In terms of religious agencies: you know, it’s also a fact that I think the majority of people in serious need of humanitarian action and aid tend to be Muslim populations. So, I mean I think it’s perfectly legitimate and important that Muslim aid agencies and humanitarian organizations reach out very clearly to their own constituencies. I don’t know that religion is by nature partial actually, so that any Christian organizations have reached out widely beyond Christian communities; Jewish organizations have reached out widely beyond Jewish communities; Muslim organization… I think we have British organizations like Islamic Relief in many places. And anyway, I don’t think that there is anything wrong if you are meeting the needs of a community who have needs. I think it would be wrong if you are selecting people on the basis of religion, because that would be a violation of impartiality.
JL: Last, but certainly not least: the UN Secretary-General is intending to bring together a World Humanitarian Summit that should take place in 2015. What are, in your views, the 3 or 4 main issues that should be discussed during this World Humanitarian Summit, what are the burning issues that needs to be addressed by then?
HS: First of all, I welcome the humanitarian summit. I think it’s a really important idea, I think the humanitarian world—as you said in the beginning, and as you had written, Jérémie—has developed fast in the last 20 years. I think it’s a good opportunity to think about where we wanted to go in the future. So, I think that 2 or 3 important things are: the first one is consensus; we can reach through this process a new international consensus about what is the moral and legal goal of humanitarian action so that it is recognized as a part of international society, international politics; that would be extremely important, if we can find some new consensus that might come through a declaration document, and through a process or discussion.
I think the second thing as a part of that: I do think we need to distinguish between humanitarian action in wars and humanitarian action in natural disasters, and areas of chronic need, and chronic vulnerability, like Sahel, chronic food insecurity. We need the distinction between these two things, because frankly, the ability and the desire one might have to work with government, build up local structures around natural disaster or chronic vulnerability, is very different to the way humanitarian ideals might want to work with governments and nonstate actors in a conflict. So I would like us to see some clear ethical and legal distinction between different context, ones of armed conflict and ones of vulnerability and disaster.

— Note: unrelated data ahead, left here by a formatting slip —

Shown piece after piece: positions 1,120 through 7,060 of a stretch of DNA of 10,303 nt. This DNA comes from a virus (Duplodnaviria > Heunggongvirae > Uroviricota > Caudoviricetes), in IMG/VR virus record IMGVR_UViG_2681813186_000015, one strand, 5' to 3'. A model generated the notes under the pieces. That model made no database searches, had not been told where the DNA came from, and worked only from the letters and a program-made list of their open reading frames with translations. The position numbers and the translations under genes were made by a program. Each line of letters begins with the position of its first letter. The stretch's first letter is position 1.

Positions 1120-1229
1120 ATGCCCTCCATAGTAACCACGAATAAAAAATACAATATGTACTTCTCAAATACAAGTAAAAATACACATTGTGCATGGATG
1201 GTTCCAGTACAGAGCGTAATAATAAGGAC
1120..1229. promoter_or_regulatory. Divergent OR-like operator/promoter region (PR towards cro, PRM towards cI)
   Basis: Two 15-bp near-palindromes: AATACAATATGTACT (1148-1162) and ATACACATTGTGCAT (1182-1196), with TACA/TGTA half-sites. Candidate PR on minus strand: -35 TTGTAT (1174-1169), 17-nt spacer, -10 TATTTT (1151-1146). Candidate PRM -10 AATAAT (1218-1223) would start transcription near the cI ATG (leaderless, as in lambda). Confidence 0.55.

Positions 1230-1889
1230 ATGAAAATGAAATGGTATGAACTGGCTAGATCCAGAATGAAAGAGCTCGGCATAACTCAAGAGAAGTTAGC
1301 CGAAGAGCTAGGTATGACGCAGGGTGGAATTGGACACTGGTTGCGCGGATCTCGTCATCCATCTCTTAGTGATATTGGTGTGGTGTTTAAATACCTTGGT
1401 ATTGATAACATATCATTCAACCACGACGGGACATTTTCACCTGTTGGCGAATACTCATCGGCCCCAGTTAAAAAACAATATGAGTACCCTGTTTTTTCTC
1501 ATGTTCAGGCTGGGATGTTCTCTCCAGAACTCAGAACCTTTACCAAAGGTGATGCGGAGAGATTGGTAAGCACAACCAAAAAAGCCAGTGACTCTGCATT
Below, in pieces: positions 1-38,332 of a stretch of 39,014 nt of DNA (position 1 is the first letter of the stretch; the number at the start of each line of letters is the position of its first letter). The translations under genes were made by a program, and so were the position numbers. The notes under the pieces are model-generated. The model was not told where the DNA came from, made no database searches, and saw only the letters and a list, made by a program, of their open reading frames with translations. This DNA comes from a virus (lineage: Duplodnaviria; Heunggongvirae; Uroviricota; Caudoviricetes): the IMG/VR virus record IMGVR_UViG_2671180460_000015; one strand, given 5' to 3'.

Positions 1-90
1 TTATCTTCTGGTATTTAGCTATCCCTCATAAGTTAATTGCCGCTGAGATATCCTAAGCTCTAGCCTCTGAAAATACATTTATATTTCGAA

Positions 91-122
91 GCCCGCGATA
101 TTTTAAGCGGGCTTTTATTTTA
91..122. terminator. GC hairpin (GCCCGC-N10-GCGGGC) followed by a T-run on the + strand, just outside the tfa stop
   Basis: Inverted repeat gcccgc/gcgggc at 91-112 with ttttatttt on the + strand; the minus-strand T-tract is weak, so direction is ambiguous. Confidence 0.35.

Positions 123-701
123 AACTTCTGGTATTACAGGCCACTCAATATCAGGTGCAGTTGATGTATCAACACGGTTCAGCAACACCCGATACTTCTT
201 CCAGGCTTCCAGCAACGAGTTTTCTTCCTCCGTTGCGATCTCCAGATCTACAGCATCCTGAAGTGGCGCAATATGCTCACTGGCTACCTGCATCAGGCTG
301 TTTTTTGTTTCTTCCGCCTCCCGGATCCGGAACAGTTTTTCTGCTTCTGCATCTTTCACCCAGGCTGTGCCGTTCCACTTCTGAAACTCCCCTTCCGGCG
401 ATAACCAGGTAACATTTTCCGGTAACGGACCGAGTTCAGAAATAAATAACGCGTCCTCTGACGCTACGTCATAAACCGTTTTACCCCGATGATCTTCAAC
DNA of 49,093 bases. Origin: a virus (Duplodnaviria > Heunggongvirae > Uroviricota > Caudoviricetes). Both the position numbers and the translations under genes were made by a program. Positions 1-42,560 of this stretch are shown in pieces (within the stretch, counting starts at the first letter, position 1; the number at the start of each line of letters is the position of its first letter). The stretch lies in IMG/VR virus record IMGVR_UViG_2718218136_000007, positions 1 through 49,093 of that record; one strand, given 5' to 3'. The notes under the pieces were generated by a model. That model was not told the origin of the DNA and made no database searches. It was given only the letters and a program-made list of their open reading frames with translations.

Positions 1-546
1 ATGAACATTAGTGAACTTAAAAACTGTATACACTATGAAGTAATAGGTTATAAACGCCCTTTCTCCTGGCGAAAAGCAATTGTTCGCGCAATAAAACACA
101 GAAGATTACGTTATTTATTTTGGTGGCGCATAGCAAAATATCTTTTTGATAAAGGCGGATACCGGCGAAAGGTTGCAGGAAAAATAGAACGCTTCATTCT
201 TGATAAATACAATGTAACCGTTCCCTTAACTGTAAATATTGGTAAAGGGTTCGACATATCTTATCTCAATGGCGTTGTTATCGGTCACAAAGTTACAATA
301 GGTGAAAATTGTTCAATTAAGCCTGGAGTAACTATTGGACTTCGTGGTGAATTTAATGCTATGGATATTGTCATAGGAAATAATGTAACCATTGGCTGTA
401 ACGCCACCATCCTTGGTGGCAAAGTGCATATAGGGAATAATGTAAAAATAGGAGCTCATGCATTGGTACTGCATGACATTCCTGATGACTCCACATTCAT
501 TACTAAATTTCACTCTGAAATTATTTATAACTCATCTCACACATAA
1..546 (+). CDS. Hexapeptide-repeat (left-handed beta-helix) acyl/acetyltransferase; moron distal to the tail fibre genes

The third thing that I am worried about, and I think it brings great opportunity and great threat, is cyber war, if you like. There’s a lot of attention on drones and robotic weapons; they are very sexy to talk about, they are being used and explored as smart weapons, and they are important. But for me, the bigger strategic threat to civilians suffering is cyber warfare and the ability of networks to be shut down, banking systems to be closed overnight, as we’ve seen in Cyprus. Near to a crisis a country can be brought if its banks close, if money has to be air lifted in, and if cash points are only delivering 200 Euros at a time; it becomes very fragile. That kind of thing is becoming very alarming to me.
So, cyber threats are a possible area of massive civilian impact, but on the bright side, there’s also huge potential for us to get much more smart and technologically savvy in the way we support people in crisis. And that we’ve learned a lot from humanitarian aid through cash deliveries and this sort of thing. So, I hope that the 2-year process of the summit will also get us thinking about innovation and new ideas as well.
JL: Hugo, thank you very much for being with us today.